Department for Environment, Food and Rural Affairs written question – answered on 28th January 2020.

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Photo of Baroness Wilcox Baroness Wilcox Conservative

To ask Her Majesty's Government what progress they have made in eliminating Japanese knotweed.

Photo of Lord Gardiner of Kimble Lord Gardiner of Kimble The Parliamentary Under-Secretary of State for Environment, Food and Rural Affairs, The Parliamentary Under-Secretary of State for Environment, Food and Rural Affairs

The Government recognises the threats posed by invasive non-native species including Japanese knotweed and has a comprehensive Great Britain Non-native Species Strategy designed to tackle these threats, the first of its kind in Europe.

Local Action Groups, with support from the Government, are actively involved in reducing and eradicating Japanese knotweed. Increasing public awareness of the species and what can be done about it is an important part of tackling the problems caused by Japanese knotweed. To that aim, we launched the first Invasive Species Week in 2015, to bring together a wide range of organisations to raise awareness of invasive non-native species, to highlight work going on to tackle them and to inspire people to get involved and help prevent their spread. Invasive Species Week has gone from strength to strength, with eight administrations taking part in 2019 and 93 events held.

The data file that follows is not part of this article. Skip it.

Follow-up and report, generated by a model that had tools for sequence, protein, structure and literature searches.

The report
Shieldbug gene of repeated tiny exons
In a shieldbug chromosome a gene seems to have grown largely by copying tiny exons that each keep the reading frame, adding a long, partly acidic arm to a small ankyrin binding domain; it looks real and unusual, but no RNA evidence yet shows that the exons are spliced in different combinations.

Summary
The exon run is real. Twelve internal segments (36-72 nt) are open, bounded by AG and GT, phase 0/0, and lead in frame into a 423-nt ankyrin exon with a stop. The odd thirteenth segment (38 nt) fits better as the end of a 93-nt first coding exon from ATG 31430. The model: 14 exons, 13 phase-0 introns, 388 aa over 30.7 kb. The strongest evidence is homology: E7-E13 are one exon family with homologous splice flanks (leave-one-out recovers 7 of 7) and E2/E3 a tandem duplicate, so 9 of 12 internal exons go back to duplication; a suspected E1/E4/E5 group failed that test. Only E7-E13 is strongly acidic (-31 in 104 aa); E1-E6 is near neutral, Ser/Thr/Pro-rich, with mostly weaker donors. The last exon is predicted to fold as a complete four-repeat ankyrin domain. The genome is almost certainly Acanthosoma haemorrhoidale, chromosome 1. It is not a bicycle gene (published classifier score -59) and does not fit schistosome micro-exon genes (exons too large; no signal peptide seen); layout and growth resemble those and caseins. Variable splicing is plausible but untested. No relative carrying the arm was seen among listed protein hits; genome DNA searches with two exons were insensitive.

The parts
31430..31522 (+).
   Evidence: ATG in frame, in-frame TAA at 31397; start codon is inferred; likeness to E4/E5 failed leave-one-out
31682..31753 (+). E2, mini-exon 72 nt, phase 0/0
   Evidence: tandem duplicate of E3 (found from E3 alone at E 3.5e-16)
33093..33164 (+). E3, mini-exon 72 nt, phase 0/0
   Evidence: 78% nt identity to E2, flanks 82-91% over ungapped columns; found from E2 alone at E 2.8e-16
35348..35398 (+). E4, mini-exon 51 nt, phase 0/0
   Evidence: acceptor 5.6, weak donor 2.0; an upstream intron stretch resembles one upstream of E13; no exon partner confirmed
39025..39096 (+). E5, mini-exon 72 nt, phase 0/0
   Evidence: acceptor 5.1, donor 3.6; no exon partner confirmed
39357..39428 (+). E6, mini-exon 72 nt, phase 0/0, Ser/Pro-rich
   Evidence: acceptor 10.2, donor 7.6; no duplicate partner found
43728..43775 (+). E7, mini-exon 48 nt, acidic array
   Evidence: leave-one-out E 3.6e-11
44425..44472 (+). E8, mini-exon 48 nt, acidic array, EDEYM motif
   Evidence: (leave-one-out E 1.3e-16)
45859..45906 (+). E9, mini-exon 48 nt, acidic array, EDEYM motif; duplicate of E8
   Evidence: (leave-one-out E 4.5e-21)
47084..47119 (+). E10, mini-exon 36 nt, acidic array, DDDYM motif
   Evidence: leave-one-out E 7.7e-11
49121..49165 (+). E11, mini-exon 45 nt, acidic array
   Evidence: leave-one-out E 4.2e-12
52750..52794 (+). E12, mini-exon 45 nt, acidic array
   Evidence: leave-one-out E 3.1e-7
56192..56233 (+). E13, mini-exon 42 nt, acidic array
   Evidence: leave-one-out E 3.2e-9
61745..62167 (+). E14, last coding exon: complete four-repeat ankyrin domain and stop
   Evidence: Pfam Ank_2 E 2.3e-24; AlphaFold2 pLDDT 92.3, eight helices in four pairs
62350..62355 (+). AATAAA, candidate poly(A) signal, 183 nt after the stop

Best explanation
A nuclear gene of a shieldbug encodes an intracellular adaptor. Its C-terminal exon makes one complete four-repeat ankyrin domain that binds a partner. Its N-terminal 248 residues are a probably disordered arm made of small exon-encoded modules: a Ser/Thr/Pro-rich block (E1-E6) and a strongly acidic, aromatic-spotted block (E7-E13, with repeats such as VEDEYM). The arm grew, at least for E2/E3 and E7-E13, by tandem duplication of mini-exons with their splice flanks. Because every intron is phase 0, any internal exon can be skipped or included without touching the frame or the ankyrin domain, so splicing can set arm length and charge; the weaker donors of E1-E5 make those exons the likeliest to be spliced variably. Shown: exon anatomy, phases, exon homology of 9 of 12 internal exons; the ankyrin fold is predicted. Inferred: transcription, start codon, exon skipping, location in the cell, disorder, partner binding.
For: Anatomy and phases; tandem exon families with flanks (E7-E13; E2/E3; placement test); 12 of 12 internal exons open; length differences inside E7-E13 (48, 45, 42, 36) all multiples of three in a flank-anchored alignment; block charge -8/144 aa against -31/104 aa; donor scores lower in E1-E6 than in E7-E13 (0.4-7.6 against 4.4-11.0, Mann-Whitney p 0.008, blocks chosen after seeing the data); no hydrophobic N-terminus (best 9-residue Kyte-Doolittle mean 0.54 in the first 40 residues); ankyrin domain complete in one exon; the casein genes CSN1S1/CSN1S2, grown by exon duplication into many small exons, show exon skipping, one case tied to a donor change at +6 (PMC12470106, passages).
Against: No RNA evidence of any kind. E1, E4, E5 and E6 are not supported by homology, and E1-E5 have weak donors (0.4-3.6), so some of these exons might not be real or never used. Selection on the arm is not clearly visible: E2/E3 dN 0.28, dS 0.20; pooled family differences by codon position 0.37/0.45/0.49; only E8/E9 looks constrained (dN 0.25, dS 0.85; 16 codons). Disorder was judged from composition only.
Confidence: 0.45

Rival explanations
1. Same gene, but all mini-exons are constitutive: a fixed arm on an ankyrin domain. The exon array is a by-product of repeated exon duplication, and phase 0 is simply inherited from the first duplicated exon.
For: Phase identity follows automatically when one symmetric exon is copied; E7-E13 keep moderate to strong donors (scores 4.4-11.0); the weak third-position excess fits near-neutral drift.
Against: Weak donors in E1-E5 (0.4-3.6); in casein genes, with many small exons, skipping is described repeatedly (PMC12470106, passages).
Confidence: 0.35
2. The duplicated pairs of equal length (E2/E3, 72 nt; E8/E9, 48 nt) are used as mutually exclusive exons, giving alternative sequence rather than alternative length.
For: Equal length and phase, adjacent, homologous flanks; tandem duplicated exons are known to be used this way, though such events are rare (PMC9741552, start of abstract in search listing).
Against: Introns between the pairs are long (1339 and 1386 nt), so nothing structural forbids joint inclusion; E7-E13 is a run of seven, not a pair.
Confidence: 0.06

Defra continues to fund a biocontrol programme through the release of a psyllid insect to tackle Japanese knotweed. The Centre for Agriculture and Bioscience International (CABI) is working to establish the highly specific psyllid Aphalara itadori in the UK and a population of climatically suitable psyllids from Japan is being studied in CABI’s quarantine in Surrey. It is hoped this will be the key to unlocking the potential of this agent to reduce the effort and cost of managing Japanese knotweed and its invasive capacity. Research is also underway to evaluate a leaf-spot fungus for use as a mycoherbicide.

The Government has developed guidance on how to prevent the spread of Japanese knotweed, which can be found at:

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